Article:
originalism, constitutional law


Central to the new originalism is the distinction between constitutional interpretation and constitutional construction. Interpretation tries to determine the Constitution’s original communicative content, while construction builds out doctrines, institutions, and practices over time. Most of the work of constitutional lawyers and judges is constitutional construction.

The distinction between interpretation and construction has important consequences for constitutional theory. In particular, it has important consequences for longstanding debates about how lawyers use history and should use history.

First, construction, not interpretation, is the central case of constitutional argument, and most historical argument occurs in the construction zone.

Second, although people often associate historical argument with originalist argument, the actual practices of lawyers and judges demonstrate that nonadoption history is as important as adoption history to constitutional construction.

Third, there is no single modality of “historical argument.” Instead, history is relevant to many different kinds of constitutional argument. One important task of this Article is to rethink the familiar model of modalities of argument offered by Philip Bobbitt and Richard Fallon; and to offer a different version that better reflects the multiple ways that lawyers and judges actually use history in constitutional argument.

Fourth, according to the new originalism, arguments about adoption history can offer mandatory answers only with respect to questions of interpretation; they cannot do so for questions of constitutional construction. That is, new originalists accept an originalist model of authority only with respect to questions of interpretation, not construction. Yet new originalists, like most lawyers, often make appeals to adoption history in constitutional construction. This raises the obvious question why American judges and lawyers should use or accept arguments from adoption history in constitutional construction and only sometimes find them persuasive. The originalist model of authority by itself cannot answer this question.

Fifth, we can solve this puzzle by paying careful attention to how lawyers and judges actually use adoption history. In constitutional construction, “originalist” argument is not a single form of argument. It involves many different kinds of argument, and it often appeals to ethos, tradition, or “culture heroes”—honored authorities who are treated as objects of respect, wisdom, and emulation.

In fact, in constitutional construction, arguments from adoption history are often hybrid; they appeal to multiple modalities of argument simultaneously. Most arguments about the Founding period usually also make implicit appeals to one of three modes of argument: national ethos, political tradition, or honored authority.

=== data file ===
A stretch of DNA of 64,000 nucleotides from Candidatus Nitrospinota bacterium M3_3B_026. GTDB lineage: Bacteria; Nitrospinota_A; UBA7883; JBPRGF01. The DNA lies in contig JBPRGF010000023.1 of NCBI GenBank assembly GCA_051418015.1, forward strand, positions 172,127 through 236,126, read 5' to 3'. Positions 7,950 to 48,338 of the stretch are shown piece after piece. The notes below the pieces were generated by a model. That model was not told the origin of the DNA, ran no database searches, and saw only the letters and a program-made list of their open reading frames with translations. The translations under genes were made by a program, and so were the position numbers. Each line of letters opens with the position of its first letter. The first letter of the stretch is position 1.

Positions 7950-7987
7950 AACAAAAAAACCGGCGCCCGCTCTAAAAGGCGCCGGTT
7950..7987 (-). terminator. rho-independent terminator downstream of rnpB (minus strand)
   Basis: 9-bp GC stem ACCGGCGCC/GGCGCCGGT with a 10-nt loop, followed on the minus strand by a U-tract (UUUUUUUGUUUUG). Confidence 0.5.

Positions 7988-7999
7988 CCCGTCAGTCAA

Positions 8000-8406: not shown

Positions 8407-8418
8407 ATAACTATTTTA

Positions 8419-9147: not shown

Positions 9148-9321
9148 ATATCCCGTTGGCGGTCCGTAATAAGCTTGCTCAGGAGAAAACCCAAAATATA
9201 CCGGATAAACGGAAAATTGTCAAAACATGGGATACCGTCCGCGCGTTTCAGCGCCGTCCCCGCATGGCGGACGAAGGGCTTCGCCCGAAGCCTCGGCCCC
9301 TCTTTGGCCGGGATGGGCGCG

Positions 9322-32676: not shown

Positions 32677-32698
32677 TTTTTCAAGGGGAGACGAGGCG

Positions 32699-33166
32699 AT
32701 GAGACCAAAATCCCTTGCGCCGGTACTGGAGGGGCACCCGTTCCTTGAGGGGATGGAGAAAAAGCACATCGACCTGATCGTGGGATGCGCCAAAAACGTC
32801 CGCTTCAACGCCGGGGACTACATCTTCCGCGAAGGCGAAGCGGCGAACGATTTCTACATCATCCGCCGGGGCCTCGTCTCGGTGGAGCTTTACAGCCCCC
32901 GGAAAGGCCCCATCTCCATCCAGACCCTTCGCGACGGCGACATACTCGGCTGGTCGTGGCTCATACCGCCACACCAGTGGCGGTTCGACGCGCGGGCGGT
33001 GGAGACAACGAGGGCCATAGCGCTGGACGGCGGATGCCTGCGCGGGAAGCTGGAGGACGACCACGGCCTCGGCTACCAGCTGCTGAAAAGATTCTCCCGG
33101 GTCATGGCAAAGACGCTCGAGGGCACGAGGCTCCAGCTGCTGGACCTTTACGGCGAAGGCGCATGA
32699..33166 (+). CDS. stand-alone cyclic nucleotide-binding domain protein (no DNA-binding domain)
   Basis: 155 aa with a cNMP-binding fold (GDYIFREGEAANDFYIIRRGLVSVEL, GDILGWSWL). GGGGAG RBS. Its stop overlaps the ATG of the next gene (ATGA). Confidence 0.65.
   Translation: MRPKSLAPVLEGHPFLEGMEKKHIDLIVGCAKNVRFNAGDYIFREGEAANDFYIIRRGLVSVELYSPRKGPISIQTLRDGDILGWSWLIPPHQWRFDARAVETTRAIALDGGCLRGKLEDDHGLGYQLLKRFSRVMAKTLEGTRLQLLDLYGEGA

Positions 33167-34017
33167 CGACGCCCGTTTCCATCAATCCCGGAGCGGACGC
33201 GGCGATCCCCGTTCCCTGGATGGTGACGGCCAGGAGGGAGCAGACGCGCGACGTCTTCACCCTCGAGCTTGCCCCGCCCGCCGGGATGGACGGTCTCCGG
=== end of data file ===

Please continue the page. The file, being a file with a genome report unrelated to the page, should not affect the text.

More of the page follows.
This hybrid nature gives arguments from adoption history their distinctive character in constitutional construction. Despite the dominance of original public meaning originalism in originalist theory, lawyers actually use adoption history quite differently from the way that academic theory prescribes.

Sixth, precisely because originalist arguments (in constitutional construction) generally appeal to ethos and tradition, they will normally not be persuasive unless the audience can plausibly accept the values of the adopters as their own, or can recharacterize them so that they can plausibly accept them as their own. When these values appear too alien or irrelevant, lawyers generally avoid making originalist arguments. Thus, lawyers do not feel an obligation to consult adoption history in every case; and when they do, they do not accept the results of adoption history as binding on them if there are other considerations.

Seventh, in constitutional construction, adoption history is a valuable resource available to originalists and nonoriginalists alike. Indeed, once they understand how originalist–style arguments actually operate in the construction zone, nonoriginalists and living constitutionalists should have no qualms about appealing to adoption history and making originalist arguments. Using such arguments does not undermine living constitutionalist theories of construction in the least. Refusing to employ adoption history serves no important theoretical principle and has no significant rhetorical advantages; indeed, all it does is limit lawyers’ ability to persuade their fellow citizens through calling on shared traditions and invoking powerful symbols of cultural memory.

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